Batman and Gotham City faced catastrophe in the decade's closing crossover arcs. In the “Cataclysm” storyline, Gotham City was devastated by an earthquake and cut off from the United States Government. Deprived of many of his technological resources, Batman fought to reclaim the city from gangs of criminals during the 1999 “No Man's Land” storyline.


The 12-part “Hush” story in 2003 by writer Jeph Loeb and artist Jim Lee brought new energy and a huge audience to the Batman title. The story featured an array of the Dark Knight’s worst foes and introduced the bandaged Hush, revealed to be a figure from Bruce Wayne’s childhood.

In 2005, Christian Bale starred in Batman Begins, a film directed by Christopher Nolan. The film explored the origins of the Dark Knight and his emergence as a force for good in Gotham City. The 2008 follow-up, The Dark Knight, featured an Oscar-winning performance by Heath Ledger and became one of the highest-grossing movies of all time.

From the 1980s onward, DC published special crossover events that often had “crisis” in the title. The 2008-2009 crossover Final Crisis shocked readers by offering up what appeared to be the death of Batman after he fought the godlike villain Darkseid. With Bruce Wayne presumed dead, Dick Grayson became the new Batman.

In 2009, the Batman: Arkham Asylum video game became one of the best-selling and best-reviewed console games of all time.

In 2010, it was revealed that Darkseid had not killed Batman; instead, Bruce Wayne had become lost in time. Although Wayne eventually returned to the present day and reclaimed the mantle of Batman, he also allowed Dick Grayson to continue being Batman as well.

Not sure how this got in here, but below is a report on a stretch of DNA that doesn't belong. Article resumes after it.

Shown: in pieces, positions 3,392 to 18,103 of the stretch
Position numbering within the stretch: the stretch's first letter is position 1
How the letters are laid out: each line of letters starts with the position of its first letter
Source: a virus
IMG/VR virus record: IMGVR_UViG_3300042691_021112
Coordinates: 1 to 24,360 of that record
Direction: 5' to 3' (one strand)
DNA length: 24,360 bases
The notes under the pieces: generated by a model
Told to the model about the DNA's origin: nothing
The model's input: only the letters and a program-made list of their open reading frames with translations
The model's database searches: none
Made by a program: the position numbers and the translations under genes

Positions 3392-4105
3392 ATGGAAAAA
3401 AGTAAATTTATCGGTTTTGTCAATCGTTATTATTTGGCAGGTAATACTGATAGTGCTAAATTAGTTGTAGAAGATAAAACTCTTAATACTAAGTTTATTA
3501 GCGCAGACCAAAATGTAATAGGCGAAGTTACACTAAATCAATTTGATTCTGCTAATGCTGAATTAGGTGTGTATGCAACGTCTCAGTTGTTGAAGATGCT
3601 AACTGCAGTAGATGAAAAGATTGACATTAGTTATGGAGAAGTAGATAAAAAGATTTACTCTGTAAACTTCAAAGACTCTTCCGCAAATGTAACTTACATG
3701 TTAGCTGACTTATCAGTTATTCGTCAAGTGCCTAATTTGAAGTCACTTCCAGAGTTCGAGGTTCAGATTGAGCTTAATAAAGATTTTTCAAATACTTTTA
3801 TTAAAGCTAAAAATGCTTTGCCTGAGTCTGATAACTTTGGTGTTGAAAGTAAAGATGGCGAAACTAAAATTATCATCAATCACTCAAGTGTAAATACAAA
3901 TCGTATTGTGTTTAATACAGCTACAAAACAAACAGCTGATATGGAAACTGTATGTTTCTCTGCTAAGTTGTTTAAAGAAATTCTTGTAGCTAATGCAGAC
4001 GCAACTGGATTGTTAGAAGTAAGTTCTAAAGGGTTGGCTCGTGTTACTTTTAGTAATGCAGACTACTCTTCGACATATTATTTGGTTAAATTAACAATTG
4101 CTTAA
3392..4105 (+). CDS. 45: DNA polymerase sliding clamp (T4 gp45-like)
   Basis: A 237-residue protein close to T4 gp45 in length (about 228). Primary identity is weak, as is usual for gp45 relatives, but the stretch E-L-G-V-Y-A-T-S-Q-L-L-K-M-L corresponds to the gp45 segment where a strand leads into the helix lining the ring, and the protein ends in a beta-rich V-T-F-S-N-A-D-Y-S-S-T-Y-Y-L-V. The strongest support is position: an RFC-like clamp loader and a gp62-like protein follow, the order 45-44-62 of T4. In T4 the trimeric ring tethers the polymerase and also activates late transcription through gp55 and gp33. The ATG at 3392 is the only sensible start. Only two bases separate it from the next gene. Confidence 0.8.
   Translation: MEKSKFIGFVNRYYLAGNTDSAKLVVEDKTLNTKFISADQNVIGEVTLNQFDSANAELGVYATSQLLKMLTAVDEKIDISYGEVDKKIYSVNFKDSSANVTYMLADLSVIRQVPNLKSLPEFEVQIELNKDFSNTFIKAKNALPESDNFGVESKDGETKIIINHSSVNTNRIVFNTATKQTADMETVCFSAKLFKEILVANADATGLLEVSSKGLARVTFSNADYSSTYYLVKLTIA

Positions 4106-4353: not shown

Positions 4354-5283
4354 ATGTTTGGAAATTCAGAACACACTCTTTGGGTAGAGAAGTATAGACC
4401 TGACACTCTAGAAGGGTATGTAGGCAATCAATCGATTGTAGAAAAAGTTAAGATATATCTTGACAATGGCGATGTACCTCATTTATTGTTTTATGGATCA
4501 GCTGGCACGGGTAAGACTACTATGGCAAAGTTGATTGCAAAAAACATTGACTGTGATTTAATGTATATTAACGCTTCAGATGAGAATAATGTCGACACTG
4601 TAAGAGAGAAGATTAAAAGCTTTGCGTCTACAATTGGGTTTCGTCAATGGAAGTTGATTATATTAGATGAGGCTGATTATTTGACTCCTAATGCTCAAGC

DC Comics hit the “reset” button in 2011 on Batman, Detective Comics and all the super-hero titles, starting them over as #1 issues in the company’s “New 52” relaunch.

In 2014, writer Scott Synder and artist Greg Capullo updated Batman’s origin story for the first time in 25 years in the new Batman: Zero Year storyline.

Oh, and remember that comic, Detective Comics #27? The one that introduced Batman to the world and kickstarted 75 years of amazing comic book, movie, TV and video game adventures? A copy of it sold for $1.07 million in 2012.

If you’re a Batman fan, you’re in for a good week. This week, hundreds of comic shops, bookstores and libraries will celebrate “Batman Day,” a celebration of all things Dark Knight.

Then if you’re going to Comic-Con, you can look forward to not one, not two, but three special Batman 75th Anniversary panels.

Join Frank Miller, Jim Lee, Scott Snyder, Greg Capullo, Geoff Johns, Grant Morrison, Denny O’Neill and Neal Adams in an in-depth discussion of the Dark Knight’s life on the comic page in Batman 75: Legends of the Dark Knight, taking place on Thursday, July 24 from 3:30-4:30 pm in Room 6BCF.

Saturday morning, your Bat-knowledge will get put to the test in the ultimate Batman trivia contest: Batman 75: Riddle Me This!, taking place on July 26 from 10-11 am in Room 6DE. Oh, and did we mention prizes are on the line?

Finally, don’t miss the once-in-a-lifetime chance to witness Jim Lee, Geoff Johns, Ralph Garman, Kevin Conroy, Paul Dini and Senior Vice President, Creative Affairs, Warner Bros Animation Peter Girardi all together on stage to discuss the Dark Knight’s legacy in pop culture in Batman 75th Anniversary, happening on Saturday, July 26 from 4-5 pm in Room 6BCF.

And that’s just the start! Click here for even more Batman events taking place at Comic-Con.